The Biden-Harris Administration is committed to a worker-centered trade agenda, premised on the belief that trade cannot be promoted at the expense of workers, and that by working together, both can flourish. Part of this is building the infrastructure in Mexico to allow workers the democratic right to choose a union. We visited two key components of this infrastructure: the Federal Center and the labor courts. The new Federal Center for Conciliation and Labor Registration is leading efforts to improve union democracy. We saw conciliations in process and heard from employers and workers who appreciate how the Federal Center’s staff is helping to resolve conflicts and support timely resolution of individual and collective disputes. I was pleased to hear that the Federal Center has hired and trained more staff, and we look forward to working with them and our project implementer AIR/IMPAQ to finish the work of digitizing and making public all union registration and collective bargaining agreements—a huge and important step in helping workers exercise their right to freedom of association. We also visited the newly established labor courts and met with the dedicated women and men who serve as judges. Twenty-one of Mexico’s 32 states are operating under the new labor justice system, which will soon cover the entire country.
In the afternoon, I was inspired by women leaders who are combating gender discrimination in employment, empowering women workers, leading independent unions, and demanding equity and inclusion at work. These women work in jobs that make them vulnerable to abuse and exploitation, in sectors like agriculture, domestic work, mining and export-oriented factories known as maquilas, but their courage left me feeling hopeful for the future. I was reminded of my earlier work with immigrant women workers in the U.S., who faced many of the same issues as these Mexican leaders. Fighting for more equitable, inclusive workplaces—and creating the conditions for women to support themselves through meaningful opportunities—must remain a priority in both our countries.
We traveled to the state of San Luis Potosí to learn about state-level implementation of the labor reform. The State Secretary of Labor and heads of local labor conciliation services and local labor courts shared their progress and challenges as one of the states in the first phase of the labor reform implementation.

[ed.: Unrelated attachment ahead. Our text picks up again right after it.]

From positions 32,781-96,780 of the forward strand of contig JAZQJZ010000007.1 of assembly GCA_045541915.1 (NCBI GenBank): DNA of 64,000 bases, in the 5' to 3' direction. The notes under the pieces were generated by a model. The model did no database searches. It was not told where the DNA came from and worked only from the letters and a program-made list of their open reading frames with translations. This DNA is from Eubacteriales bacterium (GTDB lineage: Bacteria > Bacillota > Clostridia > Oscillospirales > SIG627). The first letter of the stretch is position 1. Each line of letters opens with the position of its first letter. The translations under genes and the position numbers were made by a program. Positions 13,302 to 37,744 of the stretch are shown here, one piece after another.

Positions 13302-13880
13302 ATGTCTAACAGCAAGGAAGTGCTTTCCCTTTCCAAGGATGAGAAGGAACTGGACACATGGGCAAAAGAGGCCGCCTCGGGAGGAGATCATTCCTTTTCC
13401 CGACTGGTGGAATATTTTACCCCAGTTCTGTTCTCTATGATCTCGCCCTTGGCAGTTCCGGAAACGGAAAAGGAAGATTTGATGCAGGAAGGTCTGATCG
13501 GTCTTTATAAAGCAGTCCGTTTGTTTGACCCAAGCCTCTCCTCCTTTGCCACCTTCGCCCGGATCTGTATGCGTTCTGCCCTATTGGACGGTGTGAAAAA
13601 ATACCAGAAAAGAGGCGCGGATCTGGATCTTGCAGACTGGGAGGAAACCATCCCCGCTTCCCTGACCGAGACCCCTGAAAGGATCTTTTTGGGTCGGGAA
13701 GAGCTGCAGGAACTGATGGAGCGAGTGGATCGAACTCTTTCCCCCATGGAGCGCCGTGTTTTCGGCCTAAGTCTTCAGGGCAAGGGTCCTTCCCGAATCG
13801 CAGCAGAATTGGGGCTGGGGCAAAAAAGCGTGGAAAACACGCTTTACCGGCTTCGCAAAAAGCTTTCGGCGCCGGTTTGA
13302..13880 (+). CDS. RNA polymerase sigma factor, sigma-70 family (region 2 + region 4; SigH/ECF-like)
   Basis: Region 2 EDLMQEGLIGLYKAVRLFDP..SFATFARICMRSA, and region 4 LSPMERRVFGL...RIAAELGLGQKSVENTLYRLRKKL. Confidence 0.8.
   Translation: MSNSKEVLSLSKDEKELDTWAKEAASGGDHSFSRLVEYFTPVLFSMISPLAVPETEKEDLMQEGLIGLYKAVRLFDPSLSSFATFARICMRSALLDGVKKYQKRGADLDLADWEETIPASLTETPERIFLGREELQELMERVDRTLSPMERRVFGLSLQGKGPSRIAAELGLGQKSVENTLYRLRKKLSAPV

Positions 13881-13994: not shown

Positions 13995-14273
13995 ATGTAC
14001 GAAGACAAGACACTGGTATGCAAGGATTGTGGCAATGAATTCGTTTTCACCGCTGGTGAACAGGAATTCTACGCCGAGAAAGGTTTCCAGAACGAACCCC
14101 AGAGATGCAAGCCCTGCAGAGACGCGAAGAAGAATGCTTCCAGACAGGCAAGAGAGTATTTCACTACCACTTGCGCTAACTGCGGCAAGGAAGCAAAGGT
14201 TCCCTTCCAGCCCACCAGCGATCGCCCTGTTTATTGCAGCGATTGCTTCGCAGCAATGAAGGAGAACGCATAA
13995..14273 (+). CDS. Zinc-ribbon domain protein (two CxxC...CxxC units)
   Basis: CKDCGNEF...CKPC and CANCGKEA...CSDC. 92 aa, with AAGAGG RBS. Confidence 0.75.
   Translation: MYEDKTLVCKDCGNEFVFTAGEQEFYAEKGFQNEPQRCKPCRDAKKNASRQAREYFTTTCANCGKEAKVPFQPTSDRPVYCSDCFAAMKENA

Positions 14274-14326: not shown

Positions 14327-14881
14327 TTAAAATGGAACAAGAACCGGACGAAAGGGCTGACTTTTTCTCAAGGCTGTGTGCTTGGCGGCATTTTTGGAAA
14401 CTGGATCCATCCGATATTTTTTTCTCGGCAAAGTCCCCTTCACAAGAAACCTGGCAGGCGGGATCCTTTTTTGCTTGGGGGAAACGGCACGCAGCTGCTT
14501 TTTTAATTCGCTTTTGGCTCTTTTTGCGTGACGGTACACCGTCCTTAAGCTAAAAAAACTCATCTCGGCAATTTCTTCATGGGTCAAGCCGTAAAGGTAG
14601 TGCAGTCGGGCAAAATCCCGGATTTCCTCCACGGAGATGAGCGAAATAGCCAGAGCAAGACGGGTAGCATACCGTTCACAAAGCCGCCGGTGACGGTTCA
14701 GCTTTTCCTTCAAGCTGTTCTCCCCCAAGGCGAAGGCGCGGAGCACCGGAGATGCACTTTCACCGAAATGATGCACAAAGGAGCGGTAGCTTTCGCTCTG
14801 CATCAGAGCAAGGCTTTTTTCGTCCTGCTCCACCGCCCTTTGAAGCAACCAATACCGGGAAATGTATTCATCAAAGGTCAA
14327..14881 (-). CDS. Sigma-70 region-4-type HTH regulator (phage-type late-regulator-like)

Next, at a worker rights center, we heard from passionate union leaders about their efforts to organize and advocate for workers’ rights in USMCA priority sectors – which include automotive, electronics, mining, call centers, and steel and aluminum — despite multiple challenges.
Finally, we met with representatives of auto parts manufacturing and auto assembly companies, a key industry in San Luis Potosi. They shared their efforts to advance the labor reform and support positive labor-management relations based on genuine dialogue between informed workers and employers.
In all my conversations with workers, employers, and the government last week, I heard a strong commitment to strengthen labor rights, empower workers, and eliminate practices that undermine workers’ rights. I was also reminded that, when we are pushing against forces that were decades (or even centuries) in the making—the disenfranchisement of working people, poverty and lack of opportunity, fear of retaliation and discrimination—it requires all hands on deck to realize concrete change that is felt by the people who need it the most.
In both Mexico and the U.S., we are seeing workers stand up and organize for a voice on the job and for the dignity and respect they deserve. This is a historic moment. We are grateful to the Mexican government, workers, unions, the private sector, and our project implementers for all their work. We look forward to continuing our collaboration with Mexico as our countries cooperate to deliver progress for workers. Hacia adelante.